DD303 – the moment of truth approaches

I know when my course results are getting close – it means I check my StudentHomepage at least six times a day, “just in case”. Officially, DD303 results for 2010 are due out sometime before Friday 17th December, but in past years my results have been available a couple of days before then. Either way, this time next week I should know how I did and whether or not my “nuclear option” to do SD226 as well as DD307 next year is a possibility.

I’m not making as much progress with DD307 as I’d hoped I might do, given that the materials arrived a few weeks ago. So far I’ve watched the first DVD and read all of the chapters for the first block – but have barely started making any notes at all. I’d still like to have a draft of the first TMA written before the official course start date at the end of January / beginning of February. Maybe I’ll find some time between Christmas and new year to make a proper start.

I did say my last post on tuition fees would be the last for a while, but I do find the whole subject desperately sad and depressing. The report in the Independent this morning claiming that only a quarter of graduates will pay off their loans is particularly shocking and shows the act of vandalism being perpetrated on our universities and young people for what it is – right wing political ideology, pure and simple, which will actually cost both non-graduate and graduate taxpayers more, not less. So much for deficit reduction.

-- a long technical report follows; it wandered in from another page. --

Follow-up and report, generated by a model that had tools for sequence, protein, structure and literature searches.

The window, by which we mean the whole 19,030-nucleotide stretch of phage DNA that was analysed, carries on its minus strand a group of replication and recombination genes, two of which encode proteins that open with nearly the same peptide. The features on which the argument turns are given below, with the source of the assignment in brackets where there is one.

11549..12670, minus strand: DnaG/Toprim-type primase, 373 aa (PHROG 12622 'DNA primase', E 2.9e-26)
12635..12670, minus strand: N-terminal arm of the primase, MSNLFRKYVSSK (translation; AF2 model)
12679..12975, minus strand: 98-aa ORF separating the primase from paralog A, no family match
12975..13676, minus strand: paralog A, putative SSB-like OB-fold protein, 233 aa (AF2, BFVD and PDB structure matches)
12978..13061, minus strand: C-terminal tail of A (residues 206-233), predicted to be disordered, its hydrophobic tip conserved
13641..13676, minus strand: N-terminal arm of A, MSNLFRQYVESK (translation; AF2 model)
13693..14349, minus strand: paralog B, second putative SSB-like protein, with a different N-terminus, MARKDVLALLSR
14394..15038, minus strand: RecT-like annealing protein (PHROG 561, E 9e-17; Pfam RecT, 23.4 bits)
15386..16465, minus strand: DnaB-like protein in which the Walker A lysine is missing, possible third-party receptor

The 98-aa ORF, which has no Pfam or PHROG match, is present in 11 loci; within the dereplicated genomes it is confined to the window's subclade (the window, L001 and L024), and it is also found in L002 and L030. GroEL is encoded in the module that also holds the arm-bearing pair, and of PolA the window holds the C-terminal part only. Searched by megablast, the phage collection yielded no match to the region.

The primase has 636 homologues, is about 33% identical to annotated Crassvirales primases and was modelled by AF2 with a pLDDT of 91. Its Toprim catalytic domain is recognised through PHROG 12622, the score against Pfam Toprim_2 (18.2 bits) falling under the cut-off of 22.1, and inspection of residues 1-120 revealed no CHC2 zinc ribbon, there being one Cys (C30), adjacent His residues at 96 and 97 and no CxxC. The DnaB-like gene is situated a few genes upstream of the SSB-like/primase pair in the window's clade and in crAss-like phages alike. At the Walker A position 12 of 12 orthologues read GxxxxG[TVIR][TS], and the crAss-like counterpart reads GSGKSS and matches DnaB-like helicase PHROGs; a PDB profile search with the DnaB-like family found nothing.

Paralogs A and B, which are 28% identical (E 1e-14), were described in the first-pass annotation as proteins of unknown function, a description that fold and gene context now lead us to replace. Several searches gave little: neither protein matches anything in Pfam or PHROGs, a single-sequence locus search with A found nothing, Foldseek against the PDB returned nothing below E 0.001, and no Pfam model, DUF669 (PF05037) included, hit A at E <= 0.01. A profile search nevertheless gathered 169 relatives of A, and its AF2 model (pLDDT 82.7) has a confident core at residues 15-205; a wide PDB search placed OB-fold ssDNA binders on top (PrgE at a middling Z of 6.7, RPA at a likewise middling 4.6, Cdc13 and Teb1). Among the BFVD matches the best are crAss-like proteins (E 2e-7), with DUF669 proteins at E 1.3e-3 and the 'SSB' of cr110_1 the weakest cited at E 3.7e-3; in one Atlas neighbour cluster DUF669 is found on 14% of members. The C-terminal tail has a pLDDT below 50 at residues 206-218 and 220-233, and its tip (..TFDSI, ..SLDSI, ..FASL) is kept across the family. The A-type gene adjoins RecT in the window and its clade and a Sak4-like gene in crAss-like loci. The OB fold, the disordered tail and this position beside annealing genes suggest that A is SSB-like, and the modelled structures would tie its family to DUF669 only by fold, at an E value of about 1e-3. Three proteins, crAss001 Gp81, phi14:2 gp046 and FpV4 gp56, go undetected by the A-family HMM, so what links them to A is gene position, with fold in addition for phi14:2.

The Office for Budget Responsibility estimates that the Government will have to borrow £10.7bn to pay out student loans in 2015-16, compared with £4.1bn at the moment – with all but £1bn of the £6.6bn increase due to the tuition fees reforms.

A £2.9bn / year “saving” in the cut made to teaching budgets results in an additional £5.6bn cost to the taxpayer in 2015-16. An unsustainable system. Grrrr.

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Reader Comments

  1. Sue Mac

    I’ve been wondering how it will affect 2012 course fees with the OU. I will be taking my last module then for my BSc (DD307), just hope they don’t go too overboard!

    • tim

      Hi Sue,